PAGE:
What is mindfulness?
When you feel like a computer with too many windows open, it’s time to restart – and mindfulness trains your mind to do just that. It is a way to fully focus on the present moment, without distraction from thoughts and emotions. Instead of reacting on impulse or out of habit, you can choose to respond skilfully.
Done daily, it re-sculpts your brain in as little as eight weeks, scientists at Harvard Medical School have found. It is the mental equivalent of going to the gym: you train your mind to be more fit when challenges come your way.
How does it help?
With its roots in Buddhist meditation, the benefits of mindfulness are now widely recognised by neuroscience:
MRI scans show the brain’s prefrontal cortex, associated with concentration and decision-making, becomes thicker after eight weeks of mindfulness. Meanwhile the amygdala, your fight-or-flight centre, shrinks – meaning thoughtful responses to stress overtake primal ones.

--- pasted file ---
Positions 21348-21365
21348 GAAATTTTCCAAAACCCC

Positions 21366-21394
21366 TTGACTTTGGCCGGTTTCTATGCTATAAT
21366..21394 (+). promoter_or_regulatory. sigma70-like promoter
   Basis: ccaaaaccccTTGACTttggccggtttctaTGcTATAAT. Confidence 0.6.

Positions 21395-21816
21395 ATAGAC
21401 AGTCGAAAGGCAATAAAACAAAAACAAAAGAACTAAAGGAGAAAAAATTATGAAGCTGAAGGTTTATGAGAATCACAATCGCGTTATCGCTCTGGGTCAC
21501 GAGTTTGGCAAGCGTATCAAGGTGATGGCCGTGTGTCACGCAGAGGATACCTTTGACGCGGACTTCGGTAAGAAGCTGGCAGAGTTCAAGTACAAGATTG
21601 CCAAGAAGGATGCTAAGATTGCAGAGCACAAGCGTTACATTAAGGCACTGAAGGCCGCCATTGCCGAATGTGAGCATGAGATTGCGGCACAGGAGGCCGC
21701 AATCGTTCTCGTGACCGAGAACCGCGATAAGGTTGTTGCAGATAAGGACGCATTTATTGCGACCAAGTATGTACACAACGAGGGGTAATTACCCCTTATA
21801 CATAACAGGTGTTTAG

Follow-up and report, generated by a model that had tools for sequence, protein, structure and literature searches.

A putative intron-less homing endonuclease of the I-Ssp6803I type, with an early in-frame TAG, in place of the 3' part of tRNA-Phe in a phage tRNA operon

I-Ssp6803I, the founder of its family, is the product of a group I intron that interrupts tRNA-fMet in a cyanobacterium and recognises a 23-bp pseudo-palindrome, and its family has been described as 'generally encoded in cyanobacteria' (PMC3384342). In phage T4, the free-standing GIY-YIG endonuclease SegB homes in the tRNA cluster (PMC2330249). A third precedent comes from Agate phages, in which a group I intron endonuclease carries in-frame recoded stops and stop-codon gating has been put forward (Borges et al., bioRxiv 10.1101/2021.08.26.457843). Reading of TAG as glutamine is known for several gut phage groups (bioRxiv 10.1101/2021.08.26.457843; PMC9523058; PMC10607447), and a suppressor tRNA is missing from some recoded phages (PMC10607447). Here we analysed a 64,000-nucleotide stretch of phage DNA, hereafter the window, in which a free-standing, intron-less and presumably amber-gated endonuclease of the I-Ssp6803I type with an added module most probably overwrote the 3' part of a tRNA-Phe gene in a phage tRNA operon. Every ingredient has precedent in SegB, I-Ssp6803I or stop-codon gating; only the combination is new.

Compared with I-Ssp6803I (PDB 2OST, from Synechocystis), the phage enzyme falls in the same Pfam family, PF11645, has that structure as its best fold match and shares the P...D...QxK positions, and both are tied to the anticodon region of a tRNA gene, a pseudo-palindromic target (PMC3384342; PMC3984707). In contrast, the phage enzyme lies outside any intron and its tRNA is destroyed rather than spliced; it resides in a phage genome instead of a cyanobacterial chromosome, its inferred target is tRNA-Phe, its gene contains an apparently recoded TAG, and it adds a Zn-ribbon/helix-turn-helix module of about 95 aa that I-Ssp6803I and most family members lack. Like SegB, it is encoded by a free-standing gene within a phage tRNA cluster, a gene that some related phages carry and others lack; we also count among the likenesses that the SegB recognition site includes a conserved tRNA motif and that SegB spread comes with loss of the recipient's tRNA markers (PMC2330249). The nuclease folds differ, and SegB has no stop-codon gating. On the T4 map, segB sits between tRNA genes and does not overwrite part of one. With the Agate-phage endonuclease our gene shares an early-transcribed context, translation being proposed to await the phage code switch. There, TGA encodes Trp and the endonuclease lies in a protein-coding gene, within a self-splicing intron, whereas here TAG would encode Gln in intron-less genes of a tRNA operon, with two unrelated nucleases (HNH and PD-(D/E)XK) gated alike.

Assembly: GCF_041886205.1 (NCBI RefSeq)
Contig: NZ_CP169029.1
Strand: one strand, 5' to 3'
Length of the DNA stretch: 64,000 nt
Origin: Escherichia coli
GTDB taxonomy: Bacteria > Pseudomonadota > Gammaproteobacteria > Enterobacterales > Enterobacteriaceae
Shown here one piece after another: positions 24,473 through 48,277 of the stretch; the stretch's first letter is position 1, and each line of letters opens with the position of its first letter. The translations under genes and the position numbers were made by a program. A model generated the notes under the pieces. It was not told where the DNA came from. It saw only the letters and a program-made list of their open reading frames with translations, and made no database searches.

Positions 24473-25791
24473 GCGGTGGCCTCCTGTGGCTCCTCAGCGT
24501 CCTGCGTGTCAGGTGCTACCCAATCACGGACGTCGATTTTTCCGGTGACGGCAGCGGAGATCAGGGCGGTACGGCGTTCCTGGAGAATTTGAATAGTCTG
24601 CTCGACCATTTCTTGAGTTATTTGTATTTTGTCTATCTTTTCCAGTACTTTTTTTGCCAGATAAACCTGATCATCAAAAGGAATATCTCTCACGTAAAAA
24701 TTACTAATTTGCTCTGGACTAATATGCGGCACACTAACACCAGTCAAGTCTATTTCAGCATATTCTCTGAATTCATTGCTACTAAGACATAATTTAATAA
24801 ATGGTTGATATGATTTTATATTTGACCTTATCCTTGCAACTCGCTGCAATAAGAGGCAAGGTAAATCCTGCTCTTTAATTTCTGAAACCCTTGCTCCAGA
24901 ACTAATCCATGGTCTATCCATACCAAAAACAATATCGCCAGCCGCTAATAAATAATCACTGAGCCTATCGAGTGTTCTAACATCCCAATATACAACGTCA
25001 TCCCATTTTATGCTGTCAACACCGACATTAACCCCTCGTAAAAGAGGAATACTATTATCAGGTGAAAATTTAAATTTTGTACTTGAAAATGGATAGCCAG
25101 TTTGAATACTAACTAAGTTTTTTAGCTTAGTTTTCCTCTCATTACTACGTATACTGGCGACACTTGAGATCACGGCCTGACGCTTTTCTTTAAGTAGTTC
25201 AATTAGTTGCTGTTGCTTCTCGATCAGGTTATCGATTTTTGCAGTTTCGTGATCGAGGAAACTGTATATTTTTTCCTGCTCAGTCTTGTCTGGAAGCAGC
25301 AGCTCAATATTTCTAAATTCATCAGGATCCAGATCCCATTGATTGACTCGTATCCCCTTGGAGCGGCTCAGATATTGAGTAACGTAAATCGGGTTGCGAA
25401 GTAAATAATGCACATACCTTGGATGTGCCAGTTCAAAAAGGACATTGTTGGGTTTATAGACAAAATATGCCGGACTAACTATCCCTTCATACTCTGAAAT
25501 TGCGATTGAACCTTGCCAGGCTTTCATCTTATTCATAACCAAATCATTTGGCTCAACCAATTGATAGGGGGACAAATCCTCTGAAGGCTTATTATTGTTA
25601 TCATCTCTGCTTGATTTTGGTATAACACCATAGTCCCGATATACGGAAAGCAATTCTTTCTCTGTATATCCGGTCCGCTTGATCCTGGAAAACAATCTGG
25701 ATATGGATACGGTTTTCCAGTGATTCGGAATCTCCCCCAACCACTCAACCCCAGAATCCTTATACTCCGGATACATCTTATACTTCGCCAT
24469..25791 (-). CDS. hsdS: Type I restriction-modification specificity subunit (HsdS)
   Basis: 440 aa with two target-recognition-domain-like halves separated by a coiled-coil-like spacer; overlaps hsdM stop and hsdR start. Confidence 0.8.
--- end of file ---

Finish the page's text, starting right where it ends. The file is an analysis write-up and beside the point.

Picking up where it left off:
Under pressure, US Marines who trained in mindfulness performed better at complex thought and problem solving and had more control of their emotions, according to research.
The government recommends mindfulness as an NHS treatment for depression, and it has been shown to calm anxiety.
How does it work?
As you read this, wriggle your toes. Feel your feet on the floor and the earth far below. Think about the uplift in your spine and the openness of your chest. Become aware that you are breathing – and arrive in this moment. Not in the conversation you have just had or the crisis you still need to deal with. Arrive here. Arrive now.
Congratulations, you have just tried mindfulness. But as with fitness for your body, it takes daily practise to reap full rewards.
The mindful advantage
What participants say of LiveWorkWell’s six-week mindfulness training: